Vajrayana

Vajrayāna along with Mantrayāna, Guhyamantrayāna, Tantrayāna, Tantric Buddhism and Esoteric Buddhism are names referring to Buddhist traditions associated with Tantra and "Secret Mantra", which developed in the medieval Indian subcontinent and spread to Tibet, East Asia, Mongolia and other Himalayan states.

A vajra and bell (ghanta), which are classic ritual symbols of Vajrayāna

Vajrayāna practices are connected to specific lineages in Buddhism, through the teachings of lineage holders. Others might generally refer to texts as the Buddhist Tantras.[1] It includes practices that make use of mantras, dharanis, mudras, mandalas and the visualization of deities and Buddhas.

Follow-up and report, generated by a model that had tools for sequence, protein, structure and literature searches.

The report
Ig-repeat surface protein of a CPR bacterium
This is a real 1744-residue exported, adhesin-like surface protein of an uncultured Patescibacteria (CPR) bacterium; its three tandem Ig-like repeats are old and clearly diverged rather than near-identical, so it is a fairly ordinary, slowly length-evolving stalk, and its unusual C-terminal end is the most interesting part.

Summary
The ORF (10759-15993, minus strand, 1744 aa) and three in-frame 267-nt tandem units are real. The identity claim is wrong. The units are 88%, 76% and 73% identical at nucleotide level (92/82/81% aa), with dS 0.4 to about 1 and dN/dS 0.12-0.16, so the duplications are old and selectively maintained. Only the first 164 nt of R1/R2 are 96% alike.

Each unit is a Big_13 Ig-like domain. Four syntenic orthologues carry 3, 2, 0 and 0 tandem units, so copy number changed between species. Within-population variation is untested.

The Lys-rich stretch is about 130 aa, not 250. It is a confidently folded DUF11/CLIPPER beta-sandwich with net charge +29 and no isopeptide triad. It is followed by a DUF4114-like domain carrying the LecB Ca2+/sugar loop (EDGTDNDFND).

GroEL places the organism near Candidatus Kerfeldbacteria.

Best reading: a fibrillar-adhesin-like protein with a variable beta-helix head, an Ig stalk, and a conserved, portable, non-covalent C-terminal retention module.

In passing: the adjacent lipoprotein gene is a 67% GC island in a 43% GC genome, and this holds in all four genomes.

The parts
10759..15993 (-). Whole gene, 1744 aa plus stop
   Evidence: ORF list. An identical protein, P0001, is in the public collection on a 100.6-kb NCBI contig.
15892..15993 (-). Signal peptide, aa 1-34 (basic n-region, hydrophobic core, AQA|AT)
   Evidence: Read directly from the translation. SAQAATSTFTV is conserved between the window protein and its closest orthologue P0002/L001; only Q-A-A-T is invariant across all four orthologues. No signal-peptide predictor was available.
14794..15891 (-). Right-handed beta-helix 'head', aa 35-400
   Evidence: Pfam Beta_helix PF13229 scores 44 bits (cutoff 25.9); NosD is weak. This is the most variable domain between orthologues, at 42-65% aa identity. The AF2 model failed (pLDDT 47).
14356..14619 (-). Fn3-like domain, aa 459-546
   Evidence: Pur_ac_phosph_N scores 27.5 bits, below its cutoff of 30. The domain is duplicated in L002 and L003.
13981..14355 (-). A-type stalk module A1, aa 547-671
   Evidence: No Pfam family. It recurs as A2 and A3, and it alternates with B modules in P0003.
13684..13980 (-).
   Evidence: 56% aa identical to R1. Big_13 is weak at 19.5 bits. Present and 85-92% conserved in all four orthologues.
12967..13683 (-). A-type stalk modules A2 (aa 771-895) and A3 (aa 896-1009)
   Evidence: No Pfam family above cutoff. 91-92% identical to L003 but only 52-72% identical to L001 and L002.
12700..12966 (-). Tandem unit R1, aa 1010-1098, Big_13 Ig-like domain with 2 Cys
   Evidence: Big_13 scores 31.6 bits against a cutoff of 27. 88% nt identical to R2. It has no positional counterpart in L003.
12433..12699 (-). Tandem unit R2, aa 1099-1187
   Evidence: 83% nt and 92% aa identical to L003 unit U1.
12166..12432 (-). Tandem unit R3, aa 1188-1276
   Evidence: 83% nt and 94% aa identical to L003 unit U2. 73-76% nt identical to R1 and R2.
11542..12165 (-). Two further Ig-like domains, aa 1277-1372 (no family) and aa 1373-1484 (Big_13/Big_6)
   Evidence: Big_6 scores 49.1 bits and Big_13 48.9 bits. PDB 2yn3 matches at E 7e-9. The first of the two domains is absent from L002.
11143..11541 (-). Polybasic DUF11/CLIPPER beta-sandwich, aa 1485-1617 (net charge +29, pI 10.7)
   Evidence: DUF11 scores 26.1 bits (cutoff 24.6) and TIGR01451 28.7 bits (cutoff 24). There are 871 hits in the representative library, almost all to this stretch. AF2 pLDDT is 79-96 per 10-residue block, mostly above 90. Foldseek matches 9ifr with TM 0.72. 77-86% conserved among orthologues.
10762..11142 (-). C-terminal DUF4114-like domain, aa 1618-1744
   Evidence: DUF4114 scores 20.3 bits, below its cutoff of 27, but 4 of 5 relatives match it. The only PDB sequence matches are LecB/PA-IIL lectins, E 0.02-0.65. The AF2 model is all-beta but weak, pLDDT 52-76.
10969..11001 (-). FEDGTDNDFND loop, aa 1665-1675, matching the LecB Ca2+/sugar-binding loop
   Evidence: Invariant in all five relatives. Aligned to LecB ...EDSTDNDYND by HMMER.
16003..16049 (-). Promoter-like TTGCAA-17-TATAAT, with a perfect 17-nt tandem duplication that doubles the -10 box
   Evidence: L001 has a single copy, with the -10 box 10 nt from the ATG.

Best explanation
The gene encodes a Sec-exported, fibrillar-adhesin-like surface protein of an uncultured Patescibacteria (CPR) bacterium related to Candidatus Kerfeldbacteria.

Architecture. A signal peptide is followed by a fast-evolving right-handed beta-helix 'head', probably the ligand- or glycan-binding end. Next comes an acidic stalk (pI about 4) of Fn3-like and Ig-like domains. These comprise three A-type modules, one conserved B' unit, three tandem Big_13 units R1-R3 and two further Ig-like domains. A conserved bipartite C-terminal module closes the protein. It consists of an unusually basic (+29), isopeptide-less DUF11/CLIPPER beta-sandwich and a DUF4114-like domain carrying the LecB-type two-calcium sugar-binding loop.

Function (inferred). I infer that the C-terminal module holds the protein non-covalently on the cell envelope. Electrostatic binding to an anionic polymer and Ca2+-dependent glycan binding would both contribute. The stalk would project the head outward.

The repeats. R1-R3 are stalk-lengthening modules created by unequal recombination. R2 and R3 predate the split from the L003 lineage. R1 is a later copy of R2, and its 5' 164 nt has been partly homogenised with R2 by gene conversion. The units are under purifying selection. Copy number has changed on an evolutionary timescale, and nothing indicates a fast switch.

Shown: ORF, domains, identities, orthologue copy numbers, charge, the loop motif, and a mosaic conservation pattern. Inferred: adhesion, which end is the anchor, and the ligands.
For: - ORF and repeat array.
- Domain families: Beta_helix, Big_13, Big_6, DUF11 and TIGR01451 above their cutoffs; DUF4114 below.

Traditional Vajrayāna sources claim that the tantras and the lineage of Vajrayāna was taught by the Buddha Shakyamuni and other figures such as the bodhisattva Vajrapani and Padmasambhava. Contemporary historians of Buddhist studies meanwhile argue that this movement dates to the tantric era of medieval India (c. 5th century CE onwards).[2]

According to Vajrayāna scriptures, the term Vajrayāna refers to one of three vehicles or routes to enlightenment, the other two being the Śrāvakayāna (also known pejoratively as the Hīnayāna) and Mahāyāna (a.k.a Pāramitāyāna).

There are several Buddhist tantric traditions that are currently practiced, including Indo-Tibetan Buddhism, Chinese Esoteric Buddhism, Shingon Buddhism and Newar Buddhism.